Nelson city council has declined a request for $5,000 to study creating a permanent campground for the homeless, although the idea hasn’t been ruled out entirely.
The city’s housing committee met late last month to consider a suggestion from Pastor Jim Reimer, who feels a “secure outdoor space” could solve the perennial problem of homeless encampments appearing on CPR land west of the city. One such camp was broken up this past summer.
Reimer secured pledges from three Regional District of Central Kootenay directors totaling $5,000 and was seeking an equal amount from the city. Consultants told him such a study would cost $8,000 to $20,000.
Following Reimer’s pitch to council in September, the matter was referred to the Nelson Housing Committee, a 16-member group with representation from non-profit housing providers, would-be providers, landlords, and the community-at-large, including downtown businesses.
Reimer represents Kootenay Christian Fellowship on the committee but left the room during what city councillor Donna Macdonald called a “very thorough and extensive discussion.”
She explained the committee had two concerns. First, they weren’t sure what group was sponsoring the project, and second it “seemed like moving to a solution before we understand the problem.”
“We need to know who our indigenous homeless population is,” she said. “Do they like living outside? Would they rather live in a building? We need to understand what their needs are before we design solutions.”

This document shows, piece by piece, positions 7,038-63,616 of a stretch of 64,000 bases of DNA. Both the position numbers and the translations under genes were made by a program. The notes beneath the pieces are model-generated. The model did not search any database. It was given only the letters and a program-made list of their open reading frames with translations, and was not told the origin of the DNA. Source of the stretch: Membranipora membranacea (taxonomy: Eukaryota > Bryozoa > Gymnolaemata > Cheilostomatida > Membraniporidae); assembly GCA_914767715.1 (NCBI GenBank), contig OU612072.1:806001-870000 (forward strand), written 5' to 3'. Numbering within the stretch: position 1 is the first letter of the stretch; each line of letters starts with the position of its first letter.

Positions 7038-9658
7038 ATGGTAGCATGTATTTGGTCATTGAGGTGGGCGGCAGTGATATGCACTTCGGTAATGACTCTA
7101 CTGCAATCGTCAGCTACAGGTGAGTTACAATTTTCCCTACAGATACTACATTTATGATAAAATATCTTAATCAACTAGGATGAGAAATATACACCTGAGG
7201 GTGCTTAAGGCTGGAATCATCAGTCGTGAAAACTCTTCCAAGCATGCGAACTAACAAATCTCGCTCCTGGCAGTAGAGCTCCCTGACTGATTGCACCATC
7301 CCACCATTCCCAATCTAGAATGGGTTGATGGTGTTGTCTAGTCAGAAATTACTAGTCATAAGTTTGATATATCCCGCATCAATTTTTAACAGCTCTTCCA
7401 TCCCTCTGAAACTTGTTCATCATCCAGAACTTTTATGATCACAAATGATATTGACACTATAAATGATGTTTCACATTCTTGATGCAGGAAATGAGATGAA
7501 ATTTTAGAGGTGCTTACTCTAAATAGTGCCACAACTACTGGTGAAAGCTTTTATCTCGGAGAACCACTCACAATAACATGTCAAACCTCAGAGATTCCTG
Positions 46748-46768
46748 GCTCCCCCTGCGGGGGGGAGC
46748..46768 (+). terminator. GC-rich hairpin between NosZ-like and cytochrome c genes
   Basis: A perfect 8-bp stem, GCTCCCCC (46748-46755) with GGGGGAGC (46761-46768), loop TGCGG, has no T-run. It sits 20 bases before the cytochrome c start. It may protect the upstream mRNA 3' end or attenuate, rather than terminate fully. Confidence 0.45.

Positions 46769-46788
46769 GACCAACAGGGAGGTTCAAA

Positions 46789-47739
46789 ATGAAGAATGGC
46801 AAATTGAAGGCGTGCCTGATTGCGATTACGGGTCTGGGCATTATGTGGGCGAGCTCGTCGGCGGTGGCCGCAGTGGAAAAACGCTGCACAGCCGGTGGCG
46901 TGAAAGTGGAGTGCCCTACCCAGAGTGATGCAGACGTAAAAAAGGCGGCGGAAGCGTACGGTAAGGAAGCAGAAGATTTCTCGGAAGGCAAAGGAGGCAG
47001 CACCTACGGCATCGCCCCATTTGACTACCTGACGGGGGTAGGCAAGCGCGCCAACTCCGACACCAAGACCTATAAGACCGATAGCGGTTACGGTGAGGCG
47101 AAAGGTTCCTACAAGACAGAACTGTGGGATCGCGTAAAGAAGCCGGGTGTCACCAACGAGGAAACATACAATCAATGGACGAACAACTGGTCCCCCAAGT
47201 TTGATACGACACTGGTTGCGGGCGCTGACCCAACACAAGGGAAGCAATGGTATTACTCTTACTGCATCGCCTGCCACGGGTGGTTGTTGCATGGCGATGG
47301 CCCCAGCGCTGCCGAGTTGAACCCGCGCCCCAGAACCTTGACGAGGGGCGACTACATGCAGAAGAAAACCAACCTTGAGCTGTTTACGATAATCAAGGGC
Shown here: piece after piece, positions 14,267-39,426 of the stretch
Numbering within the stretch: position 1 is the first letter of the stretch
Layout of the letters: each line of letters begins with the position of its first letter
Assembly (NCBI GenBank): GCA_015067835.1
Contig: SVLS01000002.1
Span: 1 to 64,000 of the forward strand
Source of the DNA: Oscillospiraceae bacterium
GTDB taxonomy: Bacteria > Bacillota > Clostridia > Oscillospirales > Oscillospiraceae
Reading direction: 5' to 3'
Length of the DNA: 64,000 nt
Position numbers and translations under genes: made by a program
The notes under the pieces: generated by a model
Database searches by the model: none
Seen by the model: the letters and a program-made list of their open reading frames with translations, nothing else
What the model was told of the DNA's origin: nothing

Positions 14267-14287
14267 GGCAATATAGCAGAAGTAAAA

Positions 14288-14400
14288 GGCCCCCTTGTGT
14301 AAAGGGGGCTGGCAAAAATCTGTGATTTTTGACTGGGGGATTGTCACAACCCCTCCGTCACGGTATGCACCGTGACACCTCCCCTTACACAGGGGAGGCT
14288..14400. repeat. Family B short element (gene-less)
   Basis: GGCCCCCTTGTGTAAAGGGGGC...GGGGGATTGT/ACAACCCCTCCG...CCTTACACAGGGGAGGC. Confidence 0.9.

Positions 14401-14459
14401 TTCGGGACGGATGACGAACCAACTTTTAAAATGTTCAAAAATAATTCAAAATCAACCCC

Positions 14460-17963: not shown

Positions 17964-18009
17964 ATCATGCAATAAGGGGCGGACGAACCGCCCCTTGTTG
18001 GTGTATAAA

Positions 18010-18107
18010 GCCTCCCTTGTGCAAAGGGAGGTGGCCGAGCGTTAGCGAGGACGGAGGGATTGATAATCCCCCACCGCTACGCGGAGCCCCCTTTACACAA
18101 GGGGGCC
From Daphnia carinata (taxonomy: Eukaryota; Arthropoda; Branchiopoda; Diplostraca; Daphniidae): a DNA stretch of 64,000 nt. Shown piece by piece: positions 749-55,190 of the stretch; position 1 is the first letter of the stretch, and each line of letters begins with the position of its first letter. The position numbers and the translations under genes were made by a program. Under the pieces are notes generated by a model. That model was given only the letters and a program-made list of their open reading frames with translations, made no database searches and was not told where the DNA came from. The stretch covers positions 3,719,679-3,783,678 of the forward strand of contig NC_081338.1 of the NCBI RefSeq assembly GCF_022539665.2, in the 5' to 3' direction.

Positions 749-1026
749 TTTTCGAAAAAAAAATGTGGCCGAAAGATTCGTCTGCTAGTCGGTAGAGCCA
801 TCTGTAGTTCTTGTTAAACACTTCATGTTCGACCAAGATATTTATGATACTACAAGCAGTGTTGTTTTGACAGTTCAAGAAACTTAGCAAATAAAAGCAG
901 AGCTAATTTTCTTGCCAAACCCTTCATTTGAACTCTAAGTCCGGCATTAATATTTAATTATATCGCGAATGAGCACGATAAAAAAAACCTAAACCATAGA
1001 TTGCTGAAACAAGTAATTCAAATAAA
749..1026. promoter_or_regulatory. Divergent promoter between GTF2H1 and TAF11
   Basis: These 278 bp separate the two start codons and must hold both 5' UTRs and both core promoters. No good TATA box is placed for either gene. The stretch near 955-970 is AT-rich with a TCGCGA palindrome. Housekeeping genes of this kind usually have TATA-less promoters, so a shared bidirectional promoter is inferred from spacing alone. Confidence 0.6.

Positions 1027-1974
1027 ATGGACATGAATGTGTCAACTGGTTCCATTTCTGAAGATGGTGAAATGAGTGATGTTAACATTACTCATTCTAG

The committee’s recommendation to council, which was adopted, was that the city decline the funding request but ask the Nelson Committee on Homelessness whether it or one of its member agencies can tackle a phased approach to the issue, starting with determining how great the need is.
The latter committee has representation from several groups dedicated to addressing poverty and homelessness.
Reimer said Tuesday he was “obviously disappointed” and “a little surprised” with council’s decision but was willing to work with the homelessness committee and had not given up on the idea. “I don’t think the concept is dead. We’re just going to revisit it and see how we can move forward,” he said.
Reimer insisted there is “tremendous support” in the community, judging by the many phone calls and emails he has received, as well as donations. But he also acknowledged some “angst.”
“What’s it going to look like, who would operate it, who is it going to affect? These are valid questions. We’ll take it back to the committee and have a look.”
Reimer predicted Nelson’s homeless problem will worsen after federal housing subsidies end early next year. He expects more people will be left in an “untenable situation” where they can’t afford rent and have no alternative to sleeping outdoors.
Reimer said while council didn’t fund the study, he’s happy the idea will be explored in other ways.
“While it might look negative, it’s actually a positive. How can we solve a problem in our community? Let’s have a conversation about it.”